The system thus described operates as follows. Normally the control tank 17 is initially empty and the heavyweight oat 16 rests on the bottom of the tank. Assuming the water level within the filter tank 1 tends to rise due e.g. to an increase in the supply flow rate from pipe 4, the float 14 rises, and through linkage 30 corresponding raises the pulley 15. Since the right-hand extremity ofthe cable 13 connected to the heavyweight oat =16 serves as a fixed point, upward movement of pulley 15 raises through cable 13 the lever arm 12 rotating `it counterclockwise about its left-hand pivot, and unseats the valve member 9 from its seat on the outlet of pipe 8. The resulting discharge of pressure from out of the regulator-chamber 6 causes upward movement of the obturator diaphragm 5, which thus moves away from the outlet end 3a of discharge pipe 3 and permits an increase in the discharge rate of filtered Water from out of the filter tank through pipe 3.

The upward movement of rod 10 at the same time produces a slight clockwise rotation of lever arm 12 about the point'of attachment of cable 13 as a fulcrum, thereby causing closure of the valve 9, in a follow-up action. The pressure water continually entering the regulator chamber 6 through pipe 7 promptly causes the pressure in the chamber to build up again over the diaphragm 5 which thus assumes a new position of equilibrium in which the rate of discharge of regulator fluid past valve 9 equals the rate of delivery of said uid through inlet pipe 7. It will thus be understood that to each position lof the oat 14 in the filter tank there corresponds a well-determined position of the diaphragm 5.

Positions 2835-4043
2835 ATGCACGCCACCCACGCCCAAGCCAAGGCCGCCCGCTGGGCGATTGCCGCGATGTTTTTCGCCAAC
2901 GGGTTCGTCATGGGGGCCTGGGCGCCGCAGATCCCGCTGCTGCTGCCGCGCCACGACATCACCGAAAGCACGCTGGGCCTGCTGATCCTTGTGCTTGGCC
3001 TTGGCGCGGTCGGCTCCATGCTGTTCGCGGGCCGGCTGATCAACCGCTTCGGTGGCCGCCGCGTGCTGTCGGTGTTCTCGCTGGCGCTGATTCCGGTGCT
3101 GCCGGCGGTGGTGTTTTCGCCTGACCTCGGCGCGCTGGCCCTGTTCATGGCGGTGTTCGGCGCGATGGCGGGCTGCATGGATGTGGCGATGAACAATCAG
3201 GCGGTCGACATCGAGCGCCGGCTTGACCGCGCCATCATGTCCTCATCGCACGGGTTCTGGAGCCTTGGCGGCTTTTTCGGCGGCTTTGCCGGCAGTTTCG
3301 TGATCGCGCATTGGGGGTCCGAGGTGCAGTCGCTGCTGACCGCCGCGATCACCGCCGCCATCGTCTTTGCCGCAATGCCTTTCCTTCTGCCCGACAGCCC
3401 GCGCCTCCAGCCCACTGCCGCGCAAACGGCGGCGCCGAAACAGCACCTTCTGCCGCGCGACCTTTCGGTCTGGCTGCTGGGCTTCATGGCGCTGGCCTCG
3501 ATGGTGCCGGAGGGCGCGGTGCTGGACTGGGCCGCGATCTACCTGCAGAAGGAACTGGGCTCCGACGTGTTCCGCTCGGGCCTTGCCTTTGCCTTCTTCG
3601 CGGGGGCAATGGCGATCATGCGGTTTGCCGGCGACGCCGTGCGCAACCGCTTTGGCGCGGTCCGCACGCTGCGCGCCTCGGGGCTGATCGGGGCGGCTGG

When it is desired to arrest the discharge of filtered water from tank 1 through outlet pipe 3, the small control valve 20 is opened manually or automatically. Water flows into the control tank 17 to a level determined by the overflow Weir 19. 'I'he control oat 16 rises correspondingly in tank 17, so that the cable l13 is displaced longitudinally over pulleys 29 and 15, the latter pulley remaining stationary, and the lever arm 12 rotates in the direction to close valve 9 completely. The pressure in chamber 6 now builds up to a high value, applying the obturator diaphragm 5 downward against the upper end 3a of pipe 3, and cutting off the discharge of filtered water. In this condition of the regulator, complete closure is obtained regardless of the position of main float 14 in the filter tank, since the cable 13 is in a completely slack condition, and the controlling action of main fioat 14 on the valve 9 is suspended.